About the program
How do Ombudsman-trained staff handle an issue?
Ombudsman-trained staff will receive notice of an issue. If it's not an Ombudsman issue, we'll pass it along to the appropriate MnDOT resource. If it is an Ombudsman issue, we'll ask whether the constituent has tried to resolve the issue through the normal channels, and whether there's a process in place to address the issue.
- Conduct informal fact-finding
- Educate the constituent on channels of redress and Ombudsman process
- Use tools of shuttle diplomacy, coaching or facilitating a meeting to address issues and find resolution
- Refer the issue and options with pros and cons to the MnDOT Commissioner for final determination
- Report the decision back to the constituent
Sustainable resolutions - MnPASS
A constituent wrote a letter to MnPASS customer service and the Ombudsman’s Office regarding a billing issue. Normally MnPASS Customer Service directly handles billing complaints; however, in this particular instance, the constituent had tried to resolve the issue with customer service and still felt he was being billed incorrectly. According to MnPASS records, the account was opened, a transponder was sent to the constituent and a deposit of $40 was retained for the transponder. After more than 1 ½ years of charges of $1.50/month for rental of the transponder, which was never used, the credit card on file was declined, adding another $25 to the bill. Very shortly thereafter, a $25 deactivation fee was also assessed. To top it all off, between the time the deactivation fee was assessed and the $40 transponder lease deposit was charged, recovering the cost of the transponder, another $1.50 lease fee was also charged. After all these charges, the account was closed per MnDOT protocol. The transponder would not work, its cost had been recouped through the deposit and the account was deactivated because the credit card on file had been declined. Even though the account was closed, the $1.50 monthly lease fee for the transponder continued to be assessed on the account. These charges to a defunct account continued for 46 months after the closure of the account, creating a bill for $69.00, which MnPASS Customer Service was unwilling to reimburse.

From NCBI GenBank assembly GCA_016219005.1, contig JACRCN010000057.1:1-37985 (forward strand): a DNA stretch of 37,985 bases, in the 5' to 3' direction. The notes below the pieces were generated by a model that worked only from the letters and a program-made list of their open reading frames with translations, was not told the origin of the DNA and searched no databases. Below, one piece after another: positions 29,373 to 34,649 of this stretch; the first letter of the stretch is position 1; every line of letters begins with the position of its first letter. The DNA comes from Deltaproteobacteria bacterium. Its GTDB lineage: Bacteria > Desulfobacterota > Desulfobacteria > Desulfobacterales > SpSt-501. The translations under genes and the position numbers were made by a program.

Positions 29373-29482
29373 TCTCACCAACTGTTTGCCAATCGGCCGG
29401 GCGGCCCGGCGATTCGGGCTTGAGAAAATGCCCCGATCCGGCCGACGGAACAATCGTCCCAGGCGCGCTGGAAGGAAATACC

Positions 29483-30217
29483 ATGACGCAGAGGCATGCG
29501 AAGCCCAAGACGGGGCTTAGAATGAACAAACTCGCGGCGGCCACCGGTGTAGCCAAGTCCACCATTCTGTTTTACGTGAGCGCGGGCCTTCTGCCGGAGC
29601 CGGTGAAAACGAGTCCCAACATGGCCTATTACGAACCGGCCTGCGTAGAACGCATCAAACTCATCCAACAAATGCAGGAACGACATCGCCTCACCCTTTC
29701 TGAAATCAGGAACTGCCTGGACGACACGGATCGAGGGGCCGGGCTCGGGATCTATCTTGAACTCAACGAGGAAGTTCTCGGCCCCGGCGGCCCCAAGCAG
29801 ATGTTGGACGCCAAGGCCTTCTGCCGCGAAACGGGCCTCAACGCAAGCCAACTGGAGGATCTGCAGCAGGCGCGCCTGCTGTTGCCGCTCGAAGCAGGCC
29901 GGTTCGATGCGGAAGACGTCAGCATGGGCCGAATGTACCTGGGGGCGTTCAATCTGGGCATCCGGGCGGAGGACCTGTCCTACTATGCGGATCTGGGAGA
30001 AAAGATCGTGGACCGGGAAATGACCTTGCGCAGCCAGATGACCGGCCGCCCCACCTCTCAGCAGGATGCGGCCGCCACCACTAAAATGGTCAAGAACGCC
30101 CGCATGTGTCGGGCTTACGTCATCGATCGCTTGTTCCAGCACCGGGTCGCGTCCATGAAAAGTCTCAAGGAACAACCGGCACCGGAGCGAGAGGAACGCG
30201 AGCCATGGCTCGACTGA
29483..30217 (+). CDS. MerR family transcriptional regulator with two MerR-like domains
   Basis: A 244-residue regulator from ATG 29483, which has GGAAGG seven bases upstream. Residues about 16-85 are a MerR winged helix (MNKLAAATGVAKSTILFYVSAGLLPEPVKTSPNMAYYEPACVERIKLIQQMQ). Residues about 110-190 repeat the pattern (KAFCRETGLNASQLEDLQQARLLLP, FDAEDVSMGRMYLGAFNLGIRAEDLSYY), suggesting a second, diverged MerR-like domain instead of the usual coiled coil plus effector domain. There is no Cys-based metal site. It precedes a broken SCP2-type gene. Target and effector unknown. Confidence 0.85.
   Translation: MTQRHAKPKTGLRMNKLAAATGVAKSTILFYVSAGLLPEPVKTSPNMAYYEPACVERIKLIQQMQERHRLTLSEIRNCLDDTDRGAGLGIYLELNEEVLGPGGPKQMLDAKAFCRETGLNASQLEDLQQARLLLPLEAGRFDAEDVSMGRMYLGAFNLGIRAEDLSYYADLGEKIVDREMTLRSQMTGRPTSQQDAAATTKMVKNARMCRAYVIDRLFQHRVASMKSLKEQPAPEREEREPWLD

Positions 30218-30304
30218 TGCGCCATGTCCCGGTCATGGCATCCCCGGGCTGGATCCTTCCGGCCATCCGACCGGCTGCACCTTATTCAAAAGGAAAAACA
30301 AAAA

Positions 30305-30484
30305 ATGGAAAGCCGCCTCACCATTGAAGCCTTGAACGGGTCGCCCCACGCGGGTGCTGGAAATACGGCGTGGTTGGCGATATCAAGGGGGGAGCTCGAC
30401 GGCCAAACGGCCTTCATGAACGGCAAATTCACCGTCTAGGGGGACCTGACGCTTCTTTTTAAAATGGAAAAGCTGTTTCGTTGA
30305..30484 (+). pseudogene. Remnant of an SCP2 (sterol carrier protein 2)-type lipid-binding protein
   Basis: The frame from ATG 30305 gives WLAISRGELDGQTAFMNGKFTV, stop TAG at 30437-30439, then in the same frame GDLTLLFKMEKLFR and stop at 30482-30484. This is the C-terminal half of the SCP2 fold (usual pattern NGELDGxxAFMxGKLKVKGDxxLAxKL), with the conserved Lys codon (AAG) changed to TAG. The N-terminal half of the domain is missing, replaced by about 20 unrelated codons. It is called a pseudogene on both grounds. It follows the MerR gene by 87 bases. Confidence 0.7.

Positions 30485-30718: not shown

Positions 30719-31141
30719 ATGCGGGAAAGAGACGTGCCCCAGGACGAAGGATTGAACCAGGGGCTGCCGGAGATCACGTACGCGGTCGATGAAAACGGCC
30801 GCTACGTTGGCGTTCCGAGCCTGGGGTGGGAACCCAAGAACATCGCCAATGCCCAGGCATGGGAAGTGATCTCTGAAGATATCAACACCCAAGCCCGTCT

The Ombudsman worked with MnPASS staff to reimburse the additional charges assessed to the constituent after the account was closed.
Although MnPASS billing is handled through a contractor, it seemed rather obvious this was a problematic billing mistake. Once the deposit is taken to recover the costs of the transponder, charges should stop. The monthly fee was found to be in error and a refund was issued to the constituent for the excess charges. The computer glitch which caused the billing error was reported and fixed.
Sustainable resolutions - Unsightly fish house
A staffer from the Minnesota House of Representatives contacted the Ombudsman’s Office on behalf of a constituent about an old, dilapidated fish house on the right of way. The constituent felt the fish house was an eyesore, detracting from the beauty of the area, and wanted to know if MnDOT would take it down.
Although this sounded easy, the age of the shed and the unknown nature of the title made this much more complicated than just tearing down the unsightly building. First, MnDOT needed to find out who owned the land on which the shed sat and what kind of rights the title bestowed on the owner; so, a title search was completed for the site. The title search found the State had a highway easement on the land but the riparian rights, rights to use the lake and the land by an owner underneath the highway easement, probably still existed. The title search also revealed the last known owner was a land developer who appears to have purchased the land in 1956. After an extensive search for the owner/developer was conducted, it was determined the developer could not be located. Because the owner could not be located, and there was significant concern from other lake shore owners about the abandoned fish house, MnDOT could then step in and begin the process of removal.
Due to the age of the fish house, probably built in the 40’s or 50’s, an environmental review through the Environmental Stewardship Office needed to be conducted. Their review of the building materials concluded the fish house contained asbestos in the roof shingles and lead in the paint. These hazardous materials had to be removed and disposed of properly to ensure the land and the lake were not contaminated while the fish house was being permanently removed. The contract for removing the hazardous materials and the building structure amounted to $3,574.77. The constituent had this to say after the case was closed: “Well it is done. And citizens’ efforts are heard and responded to. Our state is working for us. I encourage you to get involved, if you are not already, and make government work for you. I found out that most of those employees and elected officials do want to help. Put them to work on your issues.”